The Internet of Things – the increasingly connected world in which we live – is rapidly expanding. We love our convenient and fun devices – like personal assistants, wearables, speakers, cameras, TVs, cars, home alarm systems, toys and appliances. But it’s important to understand that connected devices rely on information about us – such as our behaviors and preferences – forming an “Internet of Me” rather than just an Internet of Things.
When shopping for a new connected device, determine what data will be gathered and from whom. From you? Your children? Your company? How will the data be used, shared, and retained? Does the service you are using need the data it collects from you to function?
Manage information wisely that your Internet of Me device uses. Because you have investigated what specific data your device is requesting (Tip 1), you can now check out how the product manufacturer protects and controls data. Does the value of the services gained from sharing data outweigh the value of the data you surrendered? Is the company or organization capable and interested in governing it the way you would treat your own valuable data?
Beware of online surveys or cold calls intended to steal personal information for possible identity theft or to set you up as a future target for scammers. Don’t be afraid to ask hard questions before you answer any yourself.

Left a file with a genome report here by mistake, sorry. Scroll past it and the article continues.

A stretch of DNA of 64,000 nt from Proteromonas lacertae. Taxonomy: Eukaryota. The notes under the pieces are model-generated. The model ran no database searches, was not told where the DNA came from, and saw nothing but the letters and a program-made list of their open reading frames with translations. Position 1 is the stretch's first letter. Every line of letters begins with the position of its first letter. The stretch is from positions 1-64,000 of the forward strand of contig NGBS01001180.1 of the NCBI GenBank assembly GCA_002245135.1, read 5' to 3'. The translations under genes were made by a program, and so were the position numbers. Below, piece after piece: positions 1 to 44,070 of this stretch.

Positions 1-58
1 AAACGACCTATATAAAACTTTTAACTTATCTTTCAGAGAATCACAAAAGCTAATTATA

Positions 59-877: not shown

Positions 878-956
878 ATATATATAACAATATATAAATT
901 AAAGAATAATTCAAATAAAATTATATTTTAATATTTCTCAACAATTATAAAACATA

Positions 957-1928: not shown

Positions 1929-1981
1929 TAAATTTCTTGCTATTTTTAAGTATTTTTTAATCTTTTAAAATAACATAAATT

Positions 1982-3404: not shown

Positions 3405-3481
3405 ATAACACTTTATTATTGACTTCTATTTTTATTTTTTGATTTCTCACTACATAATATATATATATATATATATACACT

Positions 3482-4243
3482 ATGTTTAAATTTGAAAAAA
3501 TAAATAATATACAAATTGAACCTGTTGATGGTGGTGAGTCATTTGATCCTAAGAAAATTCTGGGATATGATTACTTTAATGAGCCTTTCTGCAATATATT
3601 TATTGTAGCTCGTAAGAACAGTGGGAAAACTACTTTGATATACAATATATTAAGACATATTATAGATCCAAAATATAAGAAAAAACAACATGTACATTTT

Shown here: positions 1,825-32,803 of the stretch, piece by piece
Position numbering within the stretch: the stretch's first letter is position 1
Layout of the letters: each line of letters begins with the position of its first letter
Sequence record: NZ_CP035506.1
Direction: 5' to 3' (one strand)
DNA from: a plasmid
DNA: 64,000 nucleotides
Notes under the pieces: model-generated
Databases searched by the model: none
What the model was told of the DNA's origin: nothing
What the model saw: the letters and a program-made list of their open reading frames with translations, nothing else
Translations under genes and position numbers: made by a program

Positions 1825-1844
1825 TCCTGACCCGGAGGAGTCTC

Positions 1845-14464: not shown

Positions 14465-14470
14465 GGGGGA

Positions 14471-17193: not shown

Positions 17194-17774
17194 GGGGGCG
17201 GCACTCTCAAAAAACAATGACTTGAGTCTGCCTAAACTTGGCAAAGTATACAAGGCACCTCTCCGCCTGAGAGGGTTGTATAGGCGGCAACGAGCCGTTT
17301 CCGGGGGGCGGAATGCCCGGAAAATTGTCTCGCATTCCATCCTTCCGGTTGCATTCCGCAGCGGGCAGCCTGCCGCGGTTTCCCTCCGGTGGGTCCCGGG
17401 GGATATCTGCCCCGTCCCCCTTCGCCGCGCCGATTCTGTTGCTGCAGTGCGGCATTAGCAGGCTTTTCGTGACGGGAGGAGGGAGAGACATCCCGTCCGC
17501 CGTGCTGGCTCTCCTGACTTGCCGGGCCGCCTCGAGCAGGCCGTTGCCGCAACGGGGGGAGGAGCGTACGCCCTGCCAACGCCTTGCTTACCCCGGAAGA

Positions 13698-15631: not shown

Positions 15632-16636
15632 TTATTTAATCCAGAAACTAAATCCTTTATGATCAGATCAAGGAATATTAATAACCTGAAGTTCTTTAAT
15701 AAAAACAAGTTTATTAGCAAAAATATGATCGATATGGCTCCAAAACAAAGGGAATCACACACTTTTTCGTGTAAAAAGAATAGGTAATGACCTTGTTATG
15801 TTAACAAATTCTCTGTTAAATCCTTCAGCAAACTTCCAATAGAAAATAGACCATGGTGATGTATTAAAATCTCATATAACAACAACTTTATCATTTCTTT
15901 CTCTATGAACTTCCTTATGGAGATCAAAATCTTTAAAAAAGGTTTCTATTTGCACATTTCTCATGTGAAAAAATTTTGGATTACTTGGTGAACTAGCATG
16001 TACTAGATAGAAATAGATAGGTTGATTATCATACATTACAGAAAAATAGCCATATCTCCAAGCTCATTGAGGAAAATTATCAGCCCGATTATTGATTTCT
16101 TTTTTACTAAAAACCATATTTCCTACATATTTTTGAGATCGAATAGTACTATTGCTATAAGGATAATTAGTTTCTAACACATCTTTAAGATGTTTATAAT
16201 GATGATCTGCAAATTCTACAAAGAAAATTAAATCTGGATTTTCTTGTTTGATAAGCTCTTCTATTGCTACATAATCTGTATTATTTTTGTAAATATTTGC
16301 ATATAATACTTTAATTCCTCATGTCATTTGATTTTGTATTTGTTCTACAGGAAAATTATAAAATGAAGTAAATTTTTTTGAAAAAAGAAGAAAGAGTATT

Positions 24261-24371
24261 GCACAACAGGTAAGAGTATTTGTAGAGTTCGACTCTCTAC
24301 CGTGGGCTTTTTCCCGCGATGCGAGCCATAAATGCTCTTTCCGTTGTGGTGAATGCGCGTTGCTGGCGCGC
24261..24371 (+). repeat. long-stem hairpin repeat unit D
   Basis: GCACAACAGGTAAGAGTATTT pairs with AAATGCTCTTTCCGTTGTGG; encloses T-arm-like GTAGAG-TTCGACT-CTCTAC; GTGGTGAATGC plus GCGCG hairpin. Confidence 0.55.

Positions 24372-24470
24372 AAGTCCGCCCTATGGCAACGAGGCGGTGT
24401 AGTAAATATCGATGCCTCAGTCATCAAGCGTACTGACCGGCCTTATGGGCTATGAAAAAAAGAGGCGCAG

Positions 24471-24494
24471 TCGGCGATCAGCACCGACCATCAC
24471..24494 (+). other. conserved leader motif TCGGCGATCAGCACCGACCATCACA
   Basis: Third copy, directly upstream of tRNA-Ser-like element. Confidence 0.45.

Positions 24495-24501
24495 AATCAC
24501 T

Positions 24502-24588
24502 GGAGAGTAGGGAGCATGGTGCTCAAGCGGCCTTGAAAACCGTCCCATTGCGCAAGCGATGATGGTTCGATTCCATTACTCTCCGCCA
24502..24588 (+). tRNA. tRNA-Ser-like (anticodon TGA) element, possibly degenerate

Bogus offers for freebies often require your credit card, saying it is necessary to cover shipping costs or a deposit. That often leads to unnecessary charges on your bill or a recurring charge you cannot kill—it gets to be worse than zombies. Before taking the bait, check the manufacturer’s or provider’s website. If the offer isn’t stated there, you could be vulnerable to theft. Your credit information is regulated by data protection rules and regulations, even after you share it “publicly” with merchants. They do not have the right to use it how they please if they are not pleasing you.
Think twice before downloading free entertainment, screen savers, or mobile apps. Some of them are specifically created to hack personal information, passwords, and files from your device. Others create weaknesses to leave a backdoor open so the crooks can use your information or equipment, or just exploit your private images later.
Privacy governance can seem overwhelming but by taking the challenge to heart you can manage your privacy and protect your personal information.
Published with permission from blogs.cisco.com